Like this?

"$\displaystyle f(x)$ is $\displaystyle C^{\infty}(a,b)$"?

4. Originally Posted by Mathstud28
But since $\displaystyle C^{\text{whatever}}$ seems to only be talking about the at least first derivative wouldnt that mean that the $\displaystyle I$ specified for $\displaystyle \ln(x)$ should be $\displaystyle \mathbb{R}/\left\{0\right\}$ since $\displaystyle \ln^{\left(n\in\mathbb{Z^+}\right)}(x)$ is continous for that interval?
It does not need to be an open interval it can be an open set. But since open sets are concepts from topology I did not want to mention them. An open set is a generalization of an open interval. For example, $\displaystyle \mathbb{R} - \{ 0 \} = (-\infty,0)\cup (0,\infty)$ is an open set. Basically an open set is such a set that has no boundary. More formally $\displaystyle S$ is open iff for any $\displaystyle x\in S$ there is $\displaystyle \epsilon > 0$ such that $\displaystyle (x-\epsilon,x+\epsilon) \subset S$. With open sets we can say that $\displaystyle \ln |x|$ is $\displaystyle \mathcal{C}^{\infty}(\mathbb{R} - \{ 0\})$.

If $\displaystyle p(x)$ is a non-descript polynomial then it is $\displaystyle C^{\infty}$ Right?
A polynomial is infinitely differenciable so it is $\displaystyle \mathcal{C}^{\infty}$.

Also how would you say that some function is this on some interval, in other words how would you put this notation down so it makes sense.

Like this?

"$\displaystyle f(x)$ is $\displaystyle C^{\infty}(a,b)$"?
That is exactly how we say it.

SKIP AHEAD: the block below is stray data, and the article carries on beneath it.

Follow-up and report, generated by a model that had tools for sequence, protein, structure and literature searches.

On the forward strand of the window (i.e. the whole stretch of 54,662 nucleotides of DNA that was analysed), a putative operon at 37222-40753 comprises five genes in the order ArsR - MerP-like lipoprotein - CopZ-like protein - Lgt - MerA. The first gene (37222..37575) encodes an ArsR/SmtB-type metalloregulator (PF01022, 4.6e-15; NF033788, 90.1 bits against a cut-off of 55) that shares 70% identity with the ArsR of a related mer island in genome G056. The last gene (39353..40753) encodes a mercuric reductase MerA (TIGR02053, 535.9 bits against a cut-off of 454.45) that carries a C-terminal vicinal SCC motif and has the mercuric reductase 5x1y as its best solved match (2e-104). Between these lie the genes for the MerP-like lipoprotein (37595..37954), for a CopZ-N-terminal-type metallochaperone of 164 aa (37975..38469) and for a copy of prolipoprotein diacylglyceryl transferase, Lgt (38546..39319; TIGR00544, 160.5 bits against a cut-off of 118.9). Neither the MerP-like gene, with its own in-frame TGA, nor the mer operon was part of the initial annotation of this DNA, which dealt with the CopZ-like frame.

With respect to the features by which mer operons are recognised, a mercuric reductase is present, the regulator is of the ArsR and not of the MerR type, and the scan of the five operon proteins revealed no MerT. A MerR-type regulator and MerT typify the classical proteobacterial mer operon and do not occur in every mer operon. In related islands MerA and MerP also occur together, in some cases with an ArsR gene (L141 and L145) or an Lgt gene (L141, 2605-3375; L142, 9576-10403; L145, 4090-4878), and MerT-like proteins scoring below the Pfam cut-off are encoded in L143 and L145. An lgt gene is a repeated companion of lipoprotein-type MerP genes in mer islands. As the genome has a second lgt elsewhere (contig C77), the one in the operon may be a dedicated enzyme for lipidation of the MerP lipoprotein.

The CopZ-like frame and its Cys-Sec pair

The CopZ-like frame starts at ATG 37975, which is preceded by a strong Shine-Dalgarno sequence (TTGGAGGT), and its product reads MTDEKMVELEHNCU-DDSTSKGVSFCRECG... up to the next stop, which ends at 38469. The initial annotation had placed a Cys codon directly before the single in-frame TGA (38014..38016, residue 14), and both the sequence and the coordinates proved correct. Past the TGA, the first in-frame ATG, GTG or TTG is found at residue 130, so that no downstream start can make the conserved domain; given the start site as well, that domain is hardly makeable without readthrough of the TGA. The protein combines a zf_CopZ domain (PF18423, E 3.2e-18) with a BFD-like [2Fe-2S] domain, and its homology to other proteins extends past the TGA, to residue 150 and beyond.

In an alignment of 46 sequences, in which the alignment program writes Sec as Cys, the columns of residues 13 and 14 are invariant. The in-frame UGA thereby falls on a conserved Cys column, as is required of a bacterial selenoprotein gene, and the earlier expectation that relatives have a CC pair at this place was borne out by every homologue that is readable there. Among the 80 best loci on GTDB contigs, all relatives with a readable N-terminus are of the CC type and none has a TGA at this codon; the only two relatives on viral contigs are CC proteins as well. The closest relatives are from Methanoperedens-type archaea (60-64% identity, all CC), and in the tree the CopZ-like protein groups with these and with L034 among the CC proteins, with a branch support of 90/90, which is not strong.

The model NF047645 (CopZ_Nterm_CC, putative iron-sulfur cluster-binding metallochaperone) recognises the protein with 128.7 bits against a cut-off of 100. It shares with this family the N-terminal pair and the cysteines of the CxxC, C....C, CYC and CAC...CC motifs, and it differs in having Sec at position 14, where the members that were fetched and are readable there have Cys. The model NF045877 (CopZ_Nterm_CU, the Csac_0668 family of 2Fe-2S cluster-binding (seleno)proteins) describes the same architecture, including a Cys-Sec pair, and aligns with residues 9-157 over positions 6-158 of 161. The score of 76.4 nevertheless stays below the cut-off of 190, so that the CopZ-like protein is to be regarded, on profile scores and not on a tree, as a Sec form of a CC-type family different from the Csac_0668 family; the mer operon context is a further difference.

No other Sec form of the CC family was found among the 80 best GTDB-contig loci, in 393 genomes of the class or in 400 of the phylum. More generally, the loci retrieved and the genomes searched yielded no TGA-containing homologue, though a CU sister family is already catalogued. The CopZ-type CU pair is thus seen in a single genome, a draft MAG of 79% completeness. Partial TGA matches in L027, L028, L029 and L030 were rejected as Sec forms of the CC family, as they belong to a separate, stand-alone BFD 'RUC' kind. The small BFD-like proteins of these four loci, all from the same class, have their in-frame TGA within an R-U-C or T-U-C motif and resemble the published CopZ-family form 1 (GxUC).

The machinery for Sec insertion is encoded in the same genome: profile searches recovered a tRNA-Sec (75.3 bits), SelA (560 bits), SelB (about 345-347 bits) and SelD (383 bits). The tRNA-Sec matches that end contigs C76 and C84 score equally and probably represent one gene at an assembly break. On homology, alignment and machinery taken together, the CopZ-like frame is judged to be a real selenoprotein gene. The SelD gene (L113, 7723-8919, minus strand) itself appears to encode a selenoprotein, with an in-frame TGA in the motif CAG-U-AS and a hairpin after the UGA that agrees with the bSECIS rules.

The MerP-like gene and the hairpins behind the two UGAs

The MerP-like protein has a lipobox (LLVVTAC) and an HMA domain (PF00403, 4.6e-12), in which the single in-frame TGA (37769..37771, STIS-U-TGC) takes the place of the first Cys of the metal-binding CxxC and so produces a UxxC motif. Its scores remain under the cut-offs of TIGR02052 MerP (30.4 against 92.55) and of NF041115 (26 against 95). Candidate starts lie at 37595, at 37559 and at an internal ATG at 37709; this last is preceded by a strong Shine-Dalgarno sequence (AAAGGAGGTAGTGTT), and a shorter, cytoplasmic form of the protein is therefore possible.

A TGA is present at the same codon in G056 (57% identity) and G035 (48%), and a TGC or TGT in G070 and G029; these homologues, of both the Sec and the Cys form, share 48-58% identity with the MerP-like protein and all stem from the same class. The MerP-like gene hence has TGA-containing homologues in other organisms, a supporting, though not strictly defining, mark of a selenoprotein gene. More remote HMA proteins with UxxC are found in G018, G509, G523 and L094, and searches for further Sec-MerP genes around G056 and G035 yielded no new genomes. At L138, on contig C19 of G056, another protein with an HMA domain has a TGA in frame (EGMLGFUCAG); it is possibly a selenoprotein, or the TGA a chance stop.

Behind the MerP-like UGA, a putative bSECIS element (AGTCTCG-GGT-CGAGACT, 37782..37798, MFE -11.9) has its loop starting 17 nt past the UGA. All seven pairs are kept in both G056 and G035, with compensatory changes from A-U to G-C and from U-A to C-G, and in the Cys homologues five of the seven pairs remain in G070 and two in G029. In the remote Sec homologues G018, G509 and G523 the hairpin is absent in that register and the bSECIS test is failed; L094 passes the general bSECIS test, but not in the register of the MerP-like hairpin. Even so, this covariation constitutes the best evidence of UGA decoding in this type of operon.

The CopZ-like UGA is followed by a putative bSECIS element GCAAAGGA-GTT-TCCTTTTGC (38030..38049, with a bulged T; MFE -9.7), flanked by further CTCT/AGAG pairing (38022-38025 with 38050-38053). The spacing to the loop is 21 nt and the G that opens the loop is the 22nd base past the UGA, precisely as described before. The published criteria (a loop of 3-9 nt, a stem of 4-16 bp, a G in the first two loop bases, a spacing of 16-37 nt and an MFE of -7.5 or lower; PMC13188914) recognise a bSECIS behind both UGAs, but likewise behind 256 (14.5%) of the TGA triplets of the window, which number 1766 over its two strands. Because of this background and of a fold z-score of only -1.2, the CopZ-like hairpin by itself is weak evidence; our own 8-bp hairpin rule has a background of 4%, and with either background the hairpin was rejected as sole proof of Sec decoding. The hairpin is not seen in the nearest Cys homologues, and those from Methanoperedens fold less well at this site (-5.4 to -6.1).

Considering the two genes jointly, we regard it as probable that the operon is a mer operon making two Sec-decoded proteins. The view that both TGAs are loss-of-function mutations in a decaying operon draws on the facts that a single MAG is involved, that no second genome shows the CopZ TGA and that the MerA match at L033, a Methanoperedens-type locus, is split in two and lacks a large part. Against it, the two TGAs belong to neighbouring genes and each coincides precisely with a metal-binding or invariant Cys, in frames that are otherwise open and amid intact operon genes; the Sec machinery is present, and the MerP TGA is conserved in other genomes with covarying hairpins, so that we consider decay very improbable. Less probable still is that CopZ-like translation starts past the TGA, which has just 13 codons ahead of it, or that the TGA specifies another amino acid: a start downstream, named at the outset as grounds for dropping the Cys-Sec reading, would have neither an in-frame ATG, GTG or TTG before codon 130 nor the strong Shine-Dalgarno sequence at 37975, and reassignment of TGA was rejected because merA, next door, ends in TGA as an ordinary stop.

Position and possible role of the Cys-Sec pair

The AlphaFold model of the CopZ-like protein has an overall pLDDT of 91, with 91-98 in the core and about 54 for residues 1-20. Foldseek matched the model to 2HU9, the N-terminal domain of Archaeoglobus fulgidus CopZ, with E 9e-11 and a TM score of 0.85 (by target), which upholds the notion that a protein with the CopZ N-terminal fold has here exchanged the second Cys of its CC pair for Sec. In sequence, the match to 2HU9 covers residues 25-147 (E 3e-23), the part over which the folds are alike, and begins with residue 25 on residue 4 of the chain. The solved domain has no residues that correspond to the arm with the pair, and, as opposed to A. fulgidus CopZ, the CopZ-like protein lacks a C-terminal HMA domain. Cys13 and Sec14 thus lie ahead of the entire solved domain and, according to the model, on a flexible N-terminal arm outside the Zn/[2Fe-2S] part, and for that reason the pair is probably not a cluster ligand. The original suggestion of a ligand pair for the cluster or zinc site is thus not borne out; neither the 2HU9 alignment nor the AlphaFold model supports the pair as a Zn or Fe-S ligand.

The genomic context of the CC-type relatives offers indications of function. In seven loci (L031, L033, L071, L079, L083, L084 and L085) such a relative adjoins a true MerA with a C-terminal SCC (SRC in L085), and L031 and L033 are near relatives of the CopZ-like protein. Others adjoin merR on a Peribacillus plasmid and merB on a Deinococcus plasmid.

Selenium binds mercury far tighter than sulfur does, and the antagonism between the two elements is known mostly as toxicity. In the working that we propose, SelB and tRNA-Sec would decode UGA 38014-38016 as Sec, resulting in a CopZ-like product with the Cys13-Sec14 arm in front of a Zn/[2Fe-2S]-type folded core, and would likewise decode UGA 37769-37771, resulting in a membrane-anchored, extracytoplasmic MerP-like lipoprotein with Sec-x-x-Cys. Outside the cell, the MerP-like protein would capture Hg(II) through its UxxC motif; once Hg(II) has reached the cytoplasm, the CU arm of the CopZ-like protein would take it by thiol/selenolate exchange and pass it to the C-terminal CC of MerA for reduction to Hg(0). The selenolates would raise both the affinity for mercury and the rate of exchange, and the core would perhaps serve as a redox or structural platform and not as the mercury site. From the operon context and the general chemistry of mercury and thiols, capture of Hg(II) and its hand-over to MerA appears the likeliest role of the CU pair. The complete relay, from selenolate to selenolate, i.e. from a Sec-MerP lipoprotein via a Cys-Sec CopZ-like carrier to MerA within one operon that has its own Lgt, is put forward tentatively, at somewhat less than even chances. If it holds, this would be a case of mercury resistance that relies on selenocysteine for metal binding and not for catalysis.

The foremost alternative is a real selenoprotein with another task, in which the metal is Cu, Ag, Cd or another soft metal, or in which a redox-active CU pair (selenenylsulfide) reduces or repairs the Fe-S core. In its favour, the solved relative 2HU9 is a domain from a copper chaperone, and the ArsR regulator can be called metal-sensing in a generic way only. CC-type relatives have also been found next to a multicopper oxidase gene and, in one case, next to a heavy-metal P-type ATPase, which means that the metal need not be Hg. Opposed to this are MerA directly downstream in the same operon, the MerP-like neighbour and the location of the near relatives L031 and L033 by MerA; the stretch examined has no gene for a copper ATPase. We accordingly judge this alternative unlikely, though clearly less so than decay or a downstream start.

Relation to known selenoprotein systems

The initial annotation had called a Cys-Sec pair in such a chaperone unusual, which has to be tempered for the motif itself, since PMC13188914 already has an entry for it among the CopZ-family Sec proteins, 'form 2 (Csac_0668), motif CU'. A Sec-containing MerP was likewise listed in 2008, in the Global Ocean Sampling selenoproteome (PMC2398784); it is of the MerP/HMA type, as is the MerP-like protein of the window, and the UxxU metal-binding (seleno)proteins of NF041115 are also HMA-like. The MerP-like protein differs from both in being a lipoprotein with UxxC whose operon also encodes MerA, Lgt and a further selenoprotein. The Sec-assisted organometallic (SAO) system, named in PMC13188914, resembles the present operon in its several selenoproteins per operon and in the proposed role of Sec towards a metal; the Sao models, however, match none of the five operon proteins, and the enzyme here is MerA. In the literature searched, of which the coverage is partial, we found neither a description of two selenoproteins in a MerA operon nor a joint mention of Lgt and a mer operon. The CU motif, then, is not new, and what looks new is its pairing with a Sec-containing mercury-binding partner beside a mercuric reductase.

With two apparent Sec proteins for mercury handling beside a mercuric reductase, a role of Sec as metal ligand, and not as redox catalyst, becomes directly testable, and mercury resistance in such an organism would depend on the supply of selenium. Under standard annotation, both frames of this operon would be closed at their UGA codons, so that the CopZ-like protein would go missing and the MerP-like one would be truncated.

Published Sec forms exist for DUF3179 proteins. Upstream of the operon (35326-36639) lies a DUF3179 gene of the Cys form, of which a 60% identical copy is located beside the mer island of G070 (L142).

As an illustration of this notation we can state a stronger version of the Fundamental Theorem of Calculus. Let $\displaystyle f$ be continous on $\displaystyle [a,b]$ which is $\displaystyle \mathcal{C}^k(a,b)$. Define $\displaystyle F(x) = \smallint_a^x f$. Then $\displaystyle F$ is $\displaystyle \mathcal{C}^{k+1}(a,b)$.

Analysts like to say that integration "smoothens out a function". The theorem above is what this is all about.

5. Originally Posted by ThePerfectHacker
It does not need to be an open interval it can be an open set. But since open sets are concepts from topology I did not want to mention them. An open set is a generalization of an open interval. For example, $\displaystyle \mathbb{R} - \{ 0 \} = (-\infty,0)\cup (0,\infty)$ is an open set. Basically an open set is such a set that has no boundary. More formally $\displaystyle S$ is open iff for any $\displaystyle x\in S$ there is $\displaystyle \epsilon > 0$ such that $\displaystyle (x-\epsilon,x+\epsilon) \subset S$. With open sets we can say that $\displaystyle \ln |x|$ is $\displaystyle \mathcal{C}^{\infty}(\mathbb{R} - \{ 0\})$.